An Uncommon Position
James F. Conneely is boldly going where no man has gone before.
The Board of Trustees of Notre Dame of Maryland University, a Roman Catholic women’s college, announced Thursday that it was hiring James F. Conneely as the university’s next president – a position that, until Conneely’s appointment, had always been held by women. When he assumes office on July 1, Conneely, who is currently associate provost and vice president for student affairs at Eastern Kentucky University, will be one of only four male presidents at colleges and universities built around predominantly female undergraduate education.
While male presidents were once common at predominantly female institutions – particularly when there were few women in any kind of leadership roles – but recent decades have seen them all but eliminated from the sector. Administrators at women’s colleges say boards often find a better fit with female candidates, who can serve as role models at institutions designed to inspire female leaders. Others in higher education say unfamiliar culture keeps men from applying for positions at predominantly female institutions.
And these days, there is no shortage of women in presidencies and women who have the background to be good candidates for the roles, regardless of whether the institution in questions primarily serves women. “There are many, many qualified females out there,” said Patricia Mitchell, chairwoman of Notre Dame’s Board of Trustees.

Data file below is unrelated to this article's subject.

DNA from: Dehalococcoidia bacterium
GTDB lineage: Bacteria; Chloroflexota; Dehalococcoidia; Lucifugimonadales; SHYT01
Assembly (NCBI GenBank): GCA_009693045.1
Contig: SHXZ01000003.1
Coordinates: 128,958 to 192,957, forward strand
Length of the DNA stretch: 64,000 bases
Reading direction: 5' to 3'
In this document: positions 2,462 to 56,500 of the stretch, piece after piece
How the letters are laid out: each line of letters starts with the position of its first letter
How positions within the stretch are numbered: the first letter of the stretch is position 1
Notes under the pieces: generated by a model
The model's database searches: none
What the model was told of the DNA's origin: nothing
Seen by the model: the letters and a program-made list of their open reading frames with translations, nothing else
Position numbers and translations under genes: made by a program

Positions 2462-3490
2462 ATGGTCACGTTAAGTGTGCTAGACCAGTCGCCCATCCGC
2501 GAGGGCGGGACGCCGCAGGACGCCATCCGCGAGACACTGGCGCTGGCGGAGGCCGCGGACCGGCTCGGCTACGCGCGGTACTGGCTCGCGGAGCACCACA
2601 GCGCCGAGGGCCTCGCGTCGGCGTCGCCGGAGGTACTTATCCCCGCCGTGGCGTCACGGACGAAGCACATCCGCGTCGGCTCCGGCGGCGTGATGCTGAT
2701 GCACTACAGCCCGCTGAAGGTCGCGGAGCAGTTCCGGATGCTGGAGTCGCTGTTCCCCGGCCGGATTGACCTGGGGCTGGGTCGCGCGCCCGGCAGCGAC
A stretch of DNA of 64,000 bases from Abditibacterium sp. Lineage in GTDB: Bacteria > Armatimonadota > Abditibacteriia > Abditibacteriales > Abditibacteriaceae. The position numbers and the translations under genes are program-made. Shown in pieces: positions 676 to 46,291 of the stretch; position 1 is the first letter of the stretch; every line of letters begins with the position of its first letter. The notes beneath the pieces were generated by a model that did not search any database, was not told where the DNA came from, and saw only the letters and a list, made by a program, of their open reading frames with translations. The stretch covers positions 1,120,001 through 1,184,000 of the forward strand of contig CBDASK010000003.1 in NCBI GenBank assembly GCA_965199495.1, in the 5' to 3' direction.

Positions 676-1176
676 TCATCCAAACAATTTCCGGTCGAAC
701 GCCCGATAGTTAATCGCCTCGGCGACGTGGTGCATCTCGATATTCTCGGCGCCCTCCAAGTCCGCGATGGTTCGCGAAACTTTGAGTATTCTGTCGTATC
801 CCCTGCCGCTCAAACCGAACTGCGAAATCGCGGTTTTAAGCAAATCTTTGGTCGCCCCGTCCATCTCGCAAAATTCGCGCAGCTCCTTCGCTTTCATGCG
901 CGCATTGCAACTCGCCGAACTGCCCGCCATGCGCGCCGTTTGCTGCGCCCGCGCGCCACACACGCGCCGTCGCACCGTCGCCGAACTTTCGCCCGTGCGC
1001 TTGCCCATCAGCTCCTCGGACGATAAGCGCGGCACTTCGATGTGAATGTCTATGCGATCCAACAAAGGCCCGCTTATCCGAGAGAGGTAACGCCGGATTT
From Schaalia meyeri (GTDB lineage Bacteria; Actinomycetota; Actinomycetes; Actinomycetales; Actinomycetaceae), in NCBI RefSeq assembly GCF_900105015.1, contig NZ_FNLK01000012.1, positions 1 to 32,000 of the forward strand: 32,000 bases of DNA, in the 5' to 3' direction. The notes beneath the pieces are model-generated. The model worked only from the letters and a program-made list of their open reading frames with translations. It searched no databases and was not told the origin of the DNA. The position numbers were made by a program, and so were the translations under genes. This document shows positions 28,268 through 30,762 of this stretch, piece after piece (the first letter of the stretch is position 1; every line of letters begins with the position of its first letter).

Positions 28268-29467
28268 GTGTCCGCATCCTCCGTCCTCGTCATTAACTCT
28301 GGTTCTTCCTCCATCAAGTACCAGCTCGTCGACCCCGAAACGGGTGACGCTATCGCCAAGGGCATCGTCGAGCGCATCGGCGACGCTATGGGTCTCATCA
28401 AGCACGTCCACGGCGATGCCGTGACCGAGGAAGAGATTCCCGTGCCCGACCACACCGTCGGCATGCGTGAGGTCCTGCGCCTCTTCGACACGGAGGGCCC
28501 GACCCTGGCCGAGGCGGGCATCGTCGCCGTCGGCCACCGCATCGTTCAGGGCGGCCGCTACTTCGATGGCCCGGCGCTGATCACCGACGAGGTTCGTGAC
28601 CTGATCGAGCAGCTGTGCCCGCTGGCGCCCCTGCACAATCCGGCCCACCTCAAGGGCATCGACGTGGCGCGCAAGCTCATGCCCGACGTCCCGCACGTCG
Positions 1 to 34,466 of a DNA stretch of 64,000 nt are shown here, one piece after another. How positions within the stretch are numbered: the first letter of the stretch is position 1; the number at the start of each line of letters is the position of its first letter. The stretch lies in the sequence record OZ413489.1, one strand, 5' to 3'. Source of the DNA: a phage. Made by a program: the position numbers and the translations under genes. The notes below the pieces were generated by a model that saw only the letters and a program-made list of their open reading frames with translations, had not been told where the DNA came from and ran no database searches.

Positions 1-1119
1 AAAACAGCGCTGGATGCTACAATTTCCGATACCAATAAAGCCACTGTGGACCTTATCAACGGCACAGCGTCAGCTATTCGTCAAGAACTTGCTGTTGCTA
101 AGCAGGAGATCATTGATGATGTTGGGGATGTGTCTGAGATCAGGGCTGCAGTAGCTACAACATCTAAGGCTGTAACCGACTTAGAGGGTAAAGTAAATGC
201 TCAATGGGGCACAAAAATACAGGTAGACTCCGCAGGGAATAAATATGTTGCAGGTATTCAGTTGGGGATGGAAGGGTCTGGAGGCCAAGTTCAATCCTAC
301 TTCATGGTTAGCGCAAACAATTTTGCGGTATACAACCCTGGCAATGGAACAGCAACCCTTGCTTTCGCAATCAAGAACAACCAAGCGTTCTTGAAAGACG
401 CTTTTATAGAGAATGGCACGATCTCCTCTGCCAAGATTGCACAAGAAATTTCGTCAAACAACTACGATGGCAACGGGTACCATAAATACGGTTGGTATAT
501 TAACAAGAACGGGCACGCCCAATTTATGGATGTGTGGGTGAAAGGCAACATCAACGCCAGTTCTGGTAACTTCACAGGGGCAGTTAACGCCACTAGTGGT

Administrators at Notre Dame knew Conneely’s selection would raise eyebrows in the wider community, despite what they say is broad support for him on campus. In their press release announcing the selection, board members explained that they thought Conneely represented what the university needs at this time, while also spelling out his record of supporting female leaders and his respect for and understanding of single-gender education.
Mitchell said most individuals involved in the search figured the university would hire a woman at the end of the process. “It’s our tradition; it’s what we’ve always done,” she said. Most of the applications for the job came from women, and the finalist pool comprised two women and Conneely.
But Mitchell said it was apparent when Conneely came to campus that he was the best fit for the job. “It had to do with his ability to articulate what Notre Dame was all about,” she said, noting that when Conneely visited campus he spoke eloquently on the importance of women in Notre Dame’s history and founding. “He is what I call an inspirational leader. He has the energy and emotion you have to have to lead an institution this diverse.”
She also noted that his student-centric approach to administration was something the college was looking for.
Mitchell said the desire to have role models in place had often compelled institutions such as Notre Dame to hire women. While it’s still important for students in such an environment to have female leaders to look up to, she said, it’s not necessarily important to have a woman in the presidency. She pointed to herself; Irene Keeley, a federal judge in West Virginia who chaired the search committee; and other alumnae as strong role models for female students. “There’s a predominance now of visible women role models,” she said. “It doesn’t have to be just the president.”